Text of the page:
From our lobby windows, I can see the ongoing construction of the much-hyped Trump International Hotel & Tower. It is slated to be 96 floors tall upon completion, and with its sleek, stainless steel facade and glassy, closed curves — reminiscent of Philip Johnson’s postmodern Lipstick Building in Manhattan — it will be the perfect complement to the city’s ubiquitous skyline.
I first heard about this building during the first season of the then-popular reality television series “The Apprentice.” The oversight of its construction was a prize offered to the winner, who, coincidentally, happened to be a Chicago native.
Targeting Higher-Value Groups
During the first season of “The Apprentice,” there was an episode that involved two teams that headed to Atlantic City, where they were responsible for registering gamblers at the Trump Taj Mahal. The task was to lure gamblers to the casino by creating a new and unique game of chance for customers to play, and the team that brought in the most money won.
The team that won registered 776 players, while the losing team curiously registered 1,337! The successful formula of the winning team included an excellent decision to target the casino VIP line (those looking to play baccarat and the like), which brought them US$17,807 more than the opposing team.
This is a classic case of quality over quantity (ergo the less-is-more approach). By targeting a higher-value group, the winning team was able to secure larger order sizes (gambling transactions), and if this task continued beyond the boundary of the contest, they might have been able to further justify the future value of each customer. It was an excellent decision and intuitive assessment of customer value marketing and management in practice.
Customer Lifetime Value
In marketing, customer lifetime value (CLV) is the present value of the future cash flows attributed to the customer relationship. Use of customer lifetime value as a marketing metric tends to place greater emphasis on customer service and long-term customer satisfaction, rather than on maximizing short-term sales.
CLV can be calculated by evaluating items such as the churn rate, the cost of retaining and servicing the customer and the revenue generated by the customer. Assigning a potential total monetary figure to a customer is a useful metric for marketers when evaluating the cost of customer acquisition. The complexity and uncertainty surrounding customer relationships obviously makes it impossible to make an entirely accurate estimate, but CLV is a good starting point when aligning strategy and resources to identified customer segments.
Where there are a small number of people that drive most of the business, as in travel and leisure (or gaming, in the referenced case), customer lifetime value is particularly useful — i.e., where there is a disproportionate distribution of transactions compared with the rest of the customer universe.
The less-is-more approach is the preferred way to operate a service-oriented business, but this also has to take into consideration the buying cycle of the customer being courted and the payback period for that interaction. Firms with cash flow problems or a small war chest tend to rely on whatever comes in the door to accommodate making payroll, which can lead to dire consequences down the road.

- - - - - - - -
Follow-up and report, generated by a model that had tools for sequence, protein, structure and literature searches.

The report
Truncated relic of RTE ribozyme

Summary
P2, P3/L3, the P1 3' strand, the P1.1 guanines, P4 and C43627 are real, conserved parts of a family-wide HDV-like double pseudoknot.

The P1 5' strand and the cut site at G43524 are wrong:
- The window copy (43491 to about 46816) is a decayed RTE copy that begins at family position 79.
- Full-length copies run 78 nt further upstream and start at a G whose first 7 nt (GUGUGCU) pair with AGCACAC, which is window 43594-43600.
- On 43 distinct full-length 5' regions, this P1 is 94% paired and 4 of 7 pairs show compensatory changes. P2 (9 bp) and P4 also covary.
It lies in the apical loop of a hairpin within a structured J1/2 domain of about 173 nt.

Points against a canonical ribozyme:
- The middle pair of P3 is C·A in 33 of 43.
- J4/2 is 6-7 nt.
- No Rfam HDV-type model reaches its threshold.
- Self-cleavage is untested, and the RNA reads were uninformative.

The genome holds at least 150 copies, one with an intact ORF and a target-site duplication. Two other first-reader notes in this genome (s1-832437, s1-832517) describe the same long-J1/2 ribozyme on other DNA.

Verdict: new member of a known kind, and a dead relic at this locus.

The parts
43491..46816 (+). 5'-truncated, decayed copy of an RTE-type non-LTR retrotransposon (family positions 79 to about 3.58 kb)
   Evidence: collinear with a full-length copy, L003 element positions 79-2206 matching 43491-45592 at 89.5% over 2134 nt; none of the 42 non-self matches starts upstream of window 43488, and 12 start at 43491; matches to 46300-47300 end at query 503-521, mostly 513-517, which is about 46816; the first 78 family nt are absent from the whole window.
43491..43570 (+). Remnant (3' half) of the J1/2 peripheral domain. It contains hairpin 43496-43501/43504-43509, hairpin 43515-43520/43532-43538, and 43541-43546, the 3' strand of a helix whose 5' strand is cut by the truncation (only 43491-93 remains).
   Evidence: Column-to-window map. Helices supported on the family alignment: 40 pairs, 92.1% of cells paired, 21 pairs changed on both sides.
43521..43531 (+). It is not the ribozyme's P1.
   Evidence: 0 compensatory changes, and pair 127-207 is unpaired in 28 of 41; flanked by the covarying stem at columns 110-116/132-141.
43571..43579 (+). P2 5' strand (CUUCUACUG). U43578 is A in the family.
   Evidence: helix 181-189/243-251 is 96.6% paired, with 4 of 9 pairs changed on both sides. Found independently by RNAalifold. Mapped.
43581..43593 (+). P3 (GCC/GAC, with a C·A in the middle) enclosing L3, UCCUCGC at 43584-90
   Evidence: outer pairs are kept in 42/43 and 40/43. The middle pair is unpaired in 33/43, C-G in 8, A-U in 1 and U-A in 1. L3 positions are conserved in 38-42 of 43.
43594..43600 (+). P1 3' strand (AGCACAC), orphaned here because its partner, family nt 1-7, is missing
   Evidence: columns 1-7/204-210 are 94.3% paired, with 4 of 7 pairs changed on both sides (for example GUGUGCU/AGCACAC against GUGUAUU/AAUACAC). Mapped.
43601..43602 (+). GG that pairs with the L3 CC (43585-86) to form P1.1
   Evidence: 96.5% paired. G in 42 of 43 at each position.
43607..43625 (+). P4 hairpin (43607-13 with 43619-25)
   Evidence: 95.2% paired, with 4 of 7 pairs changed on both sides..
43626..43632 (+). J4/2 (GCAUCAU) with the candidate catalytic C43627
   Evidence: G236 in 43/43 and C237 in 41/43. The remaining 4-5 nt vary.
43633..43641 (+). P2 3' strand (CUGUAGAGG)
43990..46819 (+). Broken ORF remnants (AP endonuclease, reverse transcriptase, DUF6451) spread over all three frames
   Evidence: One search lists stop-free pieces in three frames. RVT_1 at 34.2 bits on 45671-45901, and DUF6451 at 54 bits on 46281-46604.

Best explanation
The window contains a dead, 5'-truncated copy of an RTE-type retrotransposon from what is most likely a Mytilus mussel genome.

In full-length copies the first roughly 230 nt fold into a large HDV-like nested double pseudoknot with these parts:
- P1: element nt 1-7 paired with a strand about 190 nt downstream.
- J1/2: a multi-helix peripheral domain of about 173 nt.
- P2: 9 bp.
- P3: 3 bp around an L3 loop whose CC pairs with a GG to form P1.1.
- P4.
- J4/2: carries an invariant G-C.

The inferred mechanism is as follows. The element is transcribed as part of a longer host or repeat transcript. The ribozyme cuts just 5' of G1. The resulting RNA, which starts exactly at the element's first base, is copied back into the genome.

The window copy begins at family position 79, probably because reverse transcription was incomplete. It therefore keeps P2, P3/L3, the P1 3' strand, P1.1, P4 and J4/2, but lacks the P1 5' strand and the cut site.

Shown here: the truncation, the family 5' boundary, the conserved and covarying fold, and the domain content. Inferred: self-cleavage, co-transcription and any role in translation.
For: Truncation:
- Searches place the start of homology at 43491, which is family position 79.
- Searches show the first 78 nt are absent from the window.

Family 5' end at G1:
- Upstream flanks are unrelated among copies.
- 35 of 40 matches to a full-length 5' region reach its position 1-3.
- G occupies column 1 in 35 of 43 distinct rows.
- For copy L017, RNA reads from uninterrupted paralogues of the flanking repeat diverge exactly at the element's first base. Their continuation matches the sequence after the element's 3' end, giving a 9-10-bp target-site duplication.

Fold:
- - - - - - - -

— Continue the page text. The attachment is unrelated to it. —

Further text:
Perhaps more often than marketers would like to admit — under pressure to acquire more customers, or create revenue for the next quarter — they execute campaigns based on company fiscal requirements, to the detriment of the real needs of the customer.
E-mails, for example, are sent to all customers upon the release of a product in the hopes that “casting a wide net” will catch more leads simply through sheer volume of communications sent. The growth of e-mail marketing has led to an increase in the number of communications sent to customers, due to ease of execution and low-cost of implementation. Ironically, omitting to apply the rigor of established direct marketing principles to online marketing, such as testing, measurement and relevancy of content, results in less leads as customers increasingly unsubscribe, report e-mails as spam or implement their own spam filters, and use multiple e-mail addresses to guard their privacy.
While a company has to make money to be viable, if it elicits one-time order customers, it is not going to be viable for very long. That is why it’s important to gain a better understanding of the customer through periodically planned analysis that identifies patterns that trigger dynamic content — i.e., relevant and personalized communication. The “spray-and-pray” (or “batch and blast”) approach is typically a desperate attempt to acquire customers in a short period of time in the absence of focus and a well-thought-out customer plan, which actually results in the long-term alienation of a significant majority of customers.
An example from a 2007 Aberdeen Group study cites that the top strategic action taken by sales managers in Best-in-Class sales organizations is to focus on lead quality, not solely the quantity of leads coming down the pipeline. It was further cited that increasing the quantity of leads was rated among the lowest strategic priorities.
Strategic targeting and better accuracy through customer value segmentation and measurement assists in identifying the right types of potential and current customers to work with — and waiting for the feedback can even capture the same drama of a reality television show in the process.
Steven Permuy is the partner development manager for Alterian, an enterprise marketing platform provider.